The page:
Conventional wisdom suggests that political ambition is a bad thing. Conventional wisdom — at least when it comes to Gov. Tim Pawlenty — has been wrong.
According to his critics, Pawlenty’s most recent attempts to control runaway spending in the state were fueled primarily by presidential considerations. To which the average Minnesota taxpayer might gratefully reply: “So what?”
Besides, Pawlenty’s insistence on budget restraint was more likely the result of simple frustration.
Although census data continue to show Minnesota staying true to its high tax tradition, Democrats in the Legislature have pushed billion-dollar tax increases for three years running.
In 2008, they overrode a Pawlenty veto of a $6.6 billion, 10-year sales, gas and license-fee tax for transportation. In 2009, they demanded another billion-dollar tax hike as part of any budget solution.
It included a fourth-tier income tax of 9 percent, giving Minnesota, as Pawlenty pointed out, the rare distinction of having two of the 10-highest income tax brackets in the nation.
(Look out, New York and California: We’re coming after you next.)
It was then that the governor decided on unilaterally cutting $2.7 billion from state spending, only to see the state Supreme Court overrule his “unallotment” in a controversial 4-3 decision.
Far from hurting Pawlenty, however, the showdown focused public attention on his budget-cutting bona fides. The result was a 2010 budget deal largely of Pawlenty’s making — though once again, Democrats pitched a billion-dollar income tax hike.
Fact is, conservatives would be hard-pressed to argue with their outgoing governor’s fiscal record.
Over Pawlenty’s tenure, general-fund increases have averaged just under 2 percent annually. Indeed, Pawlenty appears to be the first governor in state history to actually reduce general-fund spending from one biennium to the next.
And for all the talk of Pawlenty’s alleged stinginess resulting in a property tax shift from rich to poor, the truth is that households in the top 10 percent of incomes still pay more than 27 percent of property taxes collected.
Detractors appear to be living under the illusion of a so-called Minnesota Miracle — the false notion that raising state taxes results in lower property tax levies.
Since the early 1970s, roughly the opposite has been true — the more that local government aid has been handed out, the more local governments have spent.
And just why should taxpayers all over the state subsidize local budgets, anyway?
Pawlenty certainly hasn’t always governed from the right. His gratuitous attacks on tobacco and drug companies — including statewide smoking bans, “health impact fees” and a government-sponsored drug importation program (that subsequently flopped) — still don’t sit well with principled conservatives.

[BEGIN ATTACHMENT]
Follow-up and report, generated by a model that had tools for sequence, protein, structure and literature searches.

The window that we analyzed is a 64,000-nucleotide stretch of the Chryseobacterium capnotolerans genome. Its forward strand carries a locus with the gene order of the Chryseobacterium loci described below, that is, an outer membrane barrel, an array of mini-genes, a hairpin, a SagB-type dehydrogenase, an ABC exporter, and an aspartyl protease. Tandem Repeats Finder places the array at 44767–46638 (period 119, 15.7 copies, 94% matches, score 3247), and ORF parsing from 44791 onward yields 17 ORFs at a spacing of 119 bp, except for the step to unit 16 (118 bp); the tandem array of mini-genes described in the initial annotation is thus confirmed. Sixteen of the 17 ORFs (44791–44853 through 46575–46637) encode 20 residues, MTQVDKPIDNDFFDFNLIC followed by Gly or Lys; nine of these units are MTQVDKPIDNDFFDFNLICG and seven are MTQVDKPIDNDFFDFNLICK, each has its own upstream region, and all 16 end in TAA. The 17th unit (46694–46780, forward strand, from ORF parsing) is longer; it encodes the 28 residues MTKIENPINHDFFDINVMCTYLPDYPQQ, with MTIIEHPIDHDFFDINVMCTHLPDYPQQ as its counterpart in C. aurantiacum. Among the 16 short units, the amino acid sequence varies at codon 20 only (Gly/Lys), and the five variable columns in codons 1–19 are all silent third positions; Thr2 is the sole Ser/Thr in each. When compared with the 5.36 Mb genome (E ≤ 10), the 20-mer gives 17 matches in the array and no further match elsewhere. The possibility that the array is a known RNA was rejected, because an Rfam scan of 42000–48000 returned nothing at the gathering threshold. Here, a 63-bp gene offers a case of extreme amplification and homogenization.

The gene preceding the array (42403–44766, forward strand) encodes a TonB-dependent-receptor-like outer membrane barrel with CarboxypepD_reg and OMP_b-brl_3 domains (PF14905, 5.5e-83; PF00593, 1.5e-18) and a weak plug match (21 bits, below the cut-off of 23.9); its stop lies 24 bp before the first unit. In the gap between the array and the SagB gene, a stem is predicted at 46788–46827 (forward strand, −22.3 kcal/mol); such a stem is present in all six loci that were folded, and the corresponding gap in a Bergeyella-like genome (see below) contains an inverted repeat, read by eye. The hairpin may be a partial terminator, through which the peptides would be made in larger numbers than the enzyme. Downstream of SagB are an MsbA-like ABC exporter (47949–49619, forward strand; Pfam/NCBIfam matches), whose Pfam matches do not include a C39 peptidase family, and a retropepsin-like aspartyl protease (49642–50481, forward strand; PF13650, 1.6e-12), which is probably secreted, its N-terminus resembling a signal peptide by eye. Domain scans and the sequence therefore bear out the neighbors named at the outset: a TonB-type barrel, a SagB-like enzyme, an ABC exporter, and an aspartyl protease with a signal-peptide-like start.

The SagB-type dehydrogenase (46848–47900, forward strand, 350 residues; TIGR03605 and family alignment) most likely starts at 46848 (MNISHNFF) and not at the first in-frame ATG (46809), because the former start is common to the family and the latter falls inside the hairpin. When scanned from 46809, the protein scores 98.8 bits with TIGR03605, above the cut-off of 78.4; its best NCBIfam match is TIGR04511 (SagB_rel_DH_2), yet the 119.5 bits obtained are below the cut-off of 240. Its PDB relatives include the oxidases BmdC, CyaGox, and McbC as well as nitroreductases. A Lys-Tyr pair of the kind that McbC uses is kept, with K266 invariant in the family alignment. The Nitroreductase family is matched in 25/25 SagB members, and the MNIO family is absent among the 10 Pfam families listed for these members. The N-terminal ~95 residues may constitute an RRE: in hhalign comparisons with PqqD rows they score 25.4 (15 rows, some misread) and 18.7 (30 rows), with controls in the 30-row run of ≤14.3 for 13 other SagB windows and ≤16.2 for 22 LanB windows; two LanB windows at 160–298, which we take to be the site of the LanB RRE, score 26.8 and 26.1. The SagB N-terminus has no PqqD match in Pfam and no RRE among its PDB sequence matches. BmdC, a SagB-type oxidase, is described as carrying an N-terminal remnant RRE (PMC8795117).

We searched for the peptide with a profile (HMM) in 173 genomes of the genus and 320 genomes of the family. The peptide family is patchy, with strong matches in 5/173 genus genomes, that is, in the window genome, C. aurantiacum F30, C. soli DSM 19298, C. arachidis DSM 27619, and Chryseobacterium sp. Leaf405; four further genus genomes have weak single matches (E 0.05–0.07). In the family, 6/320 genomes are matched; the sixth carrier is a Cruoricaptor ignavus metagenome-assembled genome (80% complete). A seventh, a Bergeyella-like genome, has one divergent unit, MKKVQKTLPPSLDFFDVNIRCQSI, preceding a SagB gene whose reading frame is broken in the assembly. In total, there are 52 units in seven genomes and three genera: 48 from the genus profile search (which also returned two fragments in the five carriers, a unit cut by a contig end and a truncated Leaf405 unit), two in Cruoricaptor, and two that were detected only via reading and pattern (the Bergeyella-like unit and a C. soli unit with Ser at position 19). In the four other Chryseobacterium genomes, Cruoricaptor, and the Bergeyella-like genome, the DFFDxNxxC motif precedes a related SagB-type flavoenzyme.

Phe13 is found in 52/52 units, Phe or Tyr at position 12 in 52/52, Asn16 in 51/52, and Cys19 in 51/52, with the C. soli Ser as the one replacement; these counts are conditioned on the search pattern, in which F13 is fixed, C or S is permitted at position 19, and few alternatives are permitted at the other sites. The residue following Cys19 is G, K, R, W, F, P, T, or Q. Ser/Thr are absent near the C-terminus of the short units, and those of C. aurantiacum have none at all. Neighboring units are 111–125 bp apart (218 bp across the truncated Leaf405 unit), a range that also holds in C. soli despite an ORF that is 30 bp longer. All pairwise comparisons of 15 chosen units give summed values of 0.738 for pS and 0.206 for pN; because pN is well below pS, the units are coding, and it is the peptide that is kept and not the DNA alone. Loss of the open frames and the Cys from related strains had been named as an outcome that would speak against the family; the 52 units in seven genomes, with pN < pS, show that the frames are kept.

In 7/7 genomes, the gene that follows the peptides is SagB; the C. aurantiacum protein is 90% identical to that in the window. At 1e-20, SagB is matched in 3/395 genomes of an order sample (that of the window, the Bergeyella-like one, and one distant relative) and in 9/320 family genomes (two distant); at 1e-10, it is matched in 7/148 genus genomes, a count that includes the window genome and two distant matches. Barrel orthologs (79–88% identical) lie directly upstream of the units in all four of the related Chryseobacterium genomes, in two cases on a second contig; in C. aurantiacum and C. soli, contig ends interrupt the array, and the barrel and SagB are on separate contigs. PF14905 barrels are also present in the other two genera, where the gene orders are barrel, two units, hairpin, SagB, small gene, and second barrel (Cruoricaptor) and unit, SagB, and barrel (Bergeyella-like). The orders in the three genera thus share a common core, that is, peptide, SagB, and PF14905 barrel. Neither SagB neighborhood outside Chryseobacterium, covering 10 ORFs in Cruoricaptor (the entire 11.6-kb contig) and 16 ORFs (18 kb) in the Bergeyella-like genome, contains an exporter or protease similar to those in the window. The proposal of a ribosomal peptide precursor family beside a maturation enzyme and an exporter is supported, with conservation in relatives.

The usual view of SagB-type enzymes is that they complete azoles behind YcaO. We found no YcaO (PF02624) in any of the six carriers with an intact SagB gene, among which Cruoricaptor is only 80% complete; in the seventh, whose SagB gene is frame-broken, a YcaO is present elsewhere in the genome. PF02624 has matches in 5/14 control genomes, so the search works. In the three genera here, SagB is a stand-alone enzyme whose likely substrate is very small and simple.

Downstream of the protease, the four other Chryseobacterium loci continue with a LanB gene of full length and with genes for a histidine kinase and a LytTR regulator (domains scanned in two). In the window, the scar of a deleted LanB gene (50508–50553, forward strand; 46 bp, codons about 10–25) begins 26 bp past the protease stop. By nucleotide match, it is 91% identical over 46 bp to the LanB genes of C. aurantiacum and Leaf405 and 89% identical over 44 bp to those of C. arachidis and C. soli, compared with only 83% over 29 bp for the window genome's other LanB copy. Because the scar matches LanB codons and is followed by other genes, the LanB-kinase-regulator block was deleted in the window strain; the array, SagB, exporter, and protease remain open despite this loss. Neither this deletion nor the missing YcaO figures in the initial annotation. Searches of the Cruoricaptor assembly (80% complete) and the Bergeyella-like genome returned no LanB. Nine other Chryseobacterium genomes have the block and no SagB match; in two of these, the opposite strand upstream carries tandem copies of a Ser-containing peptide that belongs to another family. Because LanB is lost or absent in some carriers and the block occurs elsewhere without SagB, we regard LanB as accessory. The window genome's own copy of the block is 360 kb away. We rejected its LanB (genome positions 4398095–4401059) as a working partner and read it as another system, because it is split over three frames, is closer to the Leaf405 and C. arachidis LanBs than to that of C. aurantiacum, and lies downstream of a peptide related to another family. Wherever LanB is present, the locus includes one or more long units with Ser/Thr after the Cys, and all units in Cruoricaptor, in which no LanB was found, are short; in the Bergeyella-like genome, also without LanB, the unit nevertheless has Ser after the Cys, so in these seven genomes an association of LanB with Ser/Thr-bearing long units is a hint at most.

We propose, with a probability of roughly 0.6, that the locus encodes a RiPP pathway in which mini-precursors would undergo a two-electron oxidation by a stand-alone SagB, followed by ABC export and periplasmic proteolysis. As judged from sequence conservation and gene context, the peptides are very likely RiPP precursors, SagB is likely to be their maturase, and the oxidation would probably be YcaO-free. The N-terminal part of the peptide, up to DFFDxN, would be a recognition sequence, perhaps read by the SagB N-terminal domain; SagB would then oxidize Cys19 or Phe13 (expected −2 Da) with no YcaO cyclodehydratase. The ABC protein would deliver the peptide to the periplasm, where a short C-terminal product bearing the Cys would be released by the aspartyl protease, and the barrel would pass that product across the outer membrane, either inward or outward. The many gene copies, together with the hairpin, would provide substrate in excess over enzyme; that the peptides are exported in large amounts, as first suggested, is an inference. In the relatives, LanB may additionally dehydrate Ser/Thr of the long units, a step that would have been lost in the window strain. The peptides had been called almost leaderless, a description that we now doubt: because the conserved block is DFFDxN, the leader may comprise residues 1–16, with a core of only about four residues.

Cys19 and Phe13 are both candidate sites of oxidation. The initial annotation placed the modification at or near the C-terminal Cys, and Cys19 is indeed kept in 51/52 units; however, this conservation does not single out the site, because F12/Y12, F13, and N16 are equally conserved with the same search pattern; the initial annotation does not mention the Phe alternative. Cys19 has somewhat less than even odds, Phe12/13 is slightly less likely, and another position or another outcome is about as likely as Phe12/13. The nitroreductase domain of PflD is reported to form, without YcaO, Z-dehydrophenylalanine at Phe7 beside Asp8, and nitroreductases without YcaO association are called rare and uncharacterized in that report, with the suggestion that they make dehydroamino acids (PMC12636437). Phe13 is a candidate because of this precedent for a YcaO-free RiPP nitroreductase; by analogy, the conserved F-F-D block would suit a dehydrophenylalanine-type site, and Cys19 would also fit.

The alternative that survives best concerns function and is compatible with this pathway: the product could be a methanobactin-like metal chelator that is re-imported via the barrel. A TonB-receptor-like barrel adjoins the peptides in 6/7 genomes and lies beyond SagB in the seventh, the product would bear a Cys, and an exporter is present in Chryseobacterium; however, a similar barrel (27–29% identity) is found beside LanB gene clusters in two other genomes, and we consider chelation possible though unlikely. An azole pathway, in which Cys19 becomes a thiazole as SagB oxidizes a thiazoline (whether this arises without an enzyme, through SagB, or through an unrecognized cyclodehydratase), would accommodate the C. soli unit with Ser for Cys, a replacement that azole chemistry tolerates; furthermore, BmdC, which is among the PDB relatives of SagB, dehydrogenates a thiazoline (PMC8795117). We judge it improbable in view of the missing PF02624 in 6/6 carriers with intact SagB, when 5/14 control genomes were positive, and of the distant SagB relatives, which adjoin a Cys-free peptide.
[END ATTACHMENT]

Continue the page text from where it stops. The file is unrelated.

He has also capitulated on stadium and mass-transit subsidies. The latter is especially egregious given the Northstar commuter-rail line’s ridership numbers, which are coming in a whopping 20 percent less than forecast for the first year of operation.
As a result, extending the line to St. Cloud is off and fare increases are on hold, meaning larger taxpayer subsidies are on the way.
Once an opponent of mass-transit schemes, Pawlenty did an about-face when pressured by the New Urbanist elite.
Indeed, his penchant for going “green,” as in his enthusiastic support for renewable-energy standards legislation along with a draconian greenhouse-gas bill, may be his biggest political obstacle going forward.
He can ill-afford to be seen cozying up to a movement that long ago divorced itself from any political reality except to defeat his fellow Republicans.
Pawlenty would do better touting a successful road-building record. The metro beltway has been widened; the Interstate 35E/694 exchange and the Wakota Bridge project have been completed, and, of course, the Crosstown maze has finally been finished.
When all is said and done, the governor has a compelling story to tell. He’s had to work with a hostile Democratic majority in both statehouses and in what heretofore at least was considered a solidly blue state.
It’s hard to imagine any of his predecessors — including Republicans such as Al Quie or Arne Carlson — mustering the political courage to sustain a series of gubernatorial vetoes in the last legislative session to rein in the spenders.
Pawlenty’s liberal critics like to note that the next budget biennium still faces a deficit of $6.2 billion, but as usual that’s due to an explosion of spending scheduled for fiscal years 2012-13.
According to the state’s Management and Budget office, the general fund will skyrocket to $38.6 in the next two years from less than $31 billion during the current cycle under Pawlenty.
His resolve has been the difference between Minnesota and a California-style budget debacle.
We may soon miss it.
Published in the Star Tribune, December 18, 2010